The soul has no skin; the soul only has insides that want to sing, finally, can’t you hear it, brothers? Softly, can’t you hear it, brothers? A hot piece of ass and a new Cadillac ain’t going to solve a god-damned thing.

Charles Bukowski


The ears!!

Hello gentle reader!

Look at that angelic face. Dogs really do bring a body closer to heaven, all infinite love and silliness. Our girl Juniper Beulah has been with us for nearly three years now (alrighty! already!), and boy howdy, does she melt our hearts on a daily basis. She’s wicked smart, adorable in her cozy clothes, wildy affectionate (give Pops a kiss!), a champion wiggle-butt, and all around cutie. One evening a week in winter, we leave her crate door open (have I ever told you that she puts herself to bed?) and she trot, trot, trots down the hall for stellar all night cuddles. There are some swift kicks (ouch!) and barky-yippy dreams, too, but, like everything good in life, it’s worth it in the end.

She is still a little fearful of the outside world, yet infinitely loyal, mostly to us, but also to her best pals Cody and Charlie, giving sweet whinny-sniffs every time we walk past their house. And oh, when we cross paths on walks, it’s a right glee fest.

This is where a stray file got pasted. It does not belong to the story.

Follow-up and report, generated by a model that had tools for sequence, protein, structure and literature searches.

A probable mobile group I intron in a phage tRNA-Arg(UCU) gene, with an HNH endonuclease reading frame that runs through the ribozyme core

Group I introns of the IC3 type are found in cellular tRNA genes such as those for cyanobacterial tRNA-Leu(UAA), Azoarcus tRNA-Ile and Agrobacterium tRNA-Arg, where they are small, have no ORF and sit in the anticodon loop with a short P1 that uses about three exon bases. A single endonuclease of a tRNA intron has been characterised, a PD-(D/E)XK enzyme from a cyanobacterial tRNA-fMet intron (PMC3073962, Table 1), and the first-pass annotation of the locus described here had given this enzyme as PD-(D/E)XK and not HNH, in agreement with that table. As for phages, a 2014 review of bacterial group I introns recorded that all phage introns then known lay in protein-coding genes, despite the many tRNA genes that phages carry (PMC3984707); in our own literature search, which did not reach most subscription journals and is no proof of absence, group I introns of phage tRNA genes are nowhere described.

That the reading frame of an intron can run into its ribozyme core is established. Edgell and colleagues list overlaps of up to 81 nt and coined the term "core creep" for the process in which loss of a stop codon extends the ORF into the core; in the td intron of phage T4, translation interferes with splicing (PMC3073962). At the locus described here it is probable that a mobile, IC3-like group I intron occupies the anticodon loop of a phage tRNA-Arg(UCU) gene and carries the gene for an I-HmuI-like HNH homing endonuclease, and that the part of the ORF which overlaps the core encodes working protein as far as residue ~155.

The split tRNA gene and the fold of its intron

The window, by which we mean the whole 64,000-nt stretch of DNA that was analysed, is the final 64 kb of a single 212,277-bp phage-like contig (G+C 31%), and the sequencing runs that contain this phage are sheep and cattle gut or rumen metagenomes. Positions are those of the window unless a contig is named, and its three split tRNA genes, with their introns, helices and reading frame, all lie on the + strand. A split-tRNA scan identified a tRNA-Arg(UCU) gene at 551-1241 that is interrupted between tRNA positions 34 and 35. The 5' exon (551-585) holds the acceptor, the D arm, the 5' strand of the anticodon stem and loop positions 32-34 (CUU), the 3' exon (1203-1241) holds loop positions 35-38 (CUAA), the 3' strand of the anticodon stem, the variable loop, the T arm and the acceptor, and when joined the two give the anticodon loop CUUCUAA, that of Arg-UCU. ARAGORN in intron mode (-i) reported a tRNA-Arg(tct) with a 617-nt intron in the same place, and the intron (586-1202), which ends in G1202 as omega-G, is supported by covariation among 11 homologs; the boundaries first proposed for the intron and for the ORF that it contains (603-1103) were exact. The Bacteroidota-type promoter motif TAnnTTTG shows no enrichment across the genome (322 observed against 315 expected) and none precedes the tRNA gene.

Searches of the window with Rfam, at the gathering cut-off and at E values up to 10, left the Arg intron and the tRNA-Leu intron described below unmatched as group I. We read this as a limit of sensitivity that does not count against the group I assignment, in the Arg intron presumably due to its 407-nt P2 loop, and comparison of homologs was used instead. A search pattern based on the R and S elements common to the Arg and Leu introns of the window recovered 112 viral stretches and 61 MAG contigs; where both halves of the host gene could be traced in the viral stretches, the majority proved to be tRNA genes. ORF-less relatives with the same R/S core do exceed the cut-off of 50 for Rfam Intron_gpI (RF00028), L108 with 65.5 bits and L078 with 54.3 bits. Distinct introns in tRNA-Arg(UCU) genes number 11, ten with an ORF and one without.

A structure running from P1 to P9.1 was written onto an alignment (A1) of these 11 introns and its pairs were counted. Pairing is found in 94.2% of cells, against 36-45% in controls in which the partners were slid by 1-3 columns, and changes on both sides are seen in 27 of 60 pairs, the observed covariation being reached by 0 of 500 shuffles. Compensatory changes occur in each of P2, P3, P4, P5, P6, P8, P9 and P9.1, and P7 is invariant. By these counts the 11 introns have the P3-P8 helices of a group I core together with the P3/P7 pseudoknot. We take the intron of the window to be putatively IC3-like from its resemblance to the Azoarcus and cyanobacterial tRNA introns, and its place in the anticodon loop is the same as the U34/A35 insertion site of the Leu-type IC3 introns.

Here’s to many more joy-filled years…

Lacing my sneakers while sitting on the bed. That light and the view! I bought the bust probably twenty years ago, at Three Monkeys on 23rd in Portland (I did a little search, and it’s still there. Huzzah!). People are always asking who she (he? gender fluid?) is, but I really couldn’t say. A secret to be revealed at a later date, maybe. The sea urchin candle holder, so fine in daytime, is over the top lovely when lit. My favorite photo of us on our wedding day, taken by my Uncle Ronnie. It makes me smile and revel in our Everlasting Gobstopper happiness. Indeed.

Our January gluten light reset (going all out is SO hard!) is progressing swimmingly. Curried cauliflower soup and smoked chicken thighs with a harissa honey glaze and mussels and mushrooms in a creamy white wine sauce our most recent dazzlers. Worth every bit of effort!

Letting Go

My cousin Alli holding her dad’s hand. After he lost consciousness, three days before he died. Their last photo together, of a sort.

I stayed with my aunt last week, joyfully helping, with medicine and cooking and comfort and company. I spoon fed and soothed the night terrors of a man who once terrified child me with his mad driving of an impossibly cool Fastback Mustang. How strange the tides of time.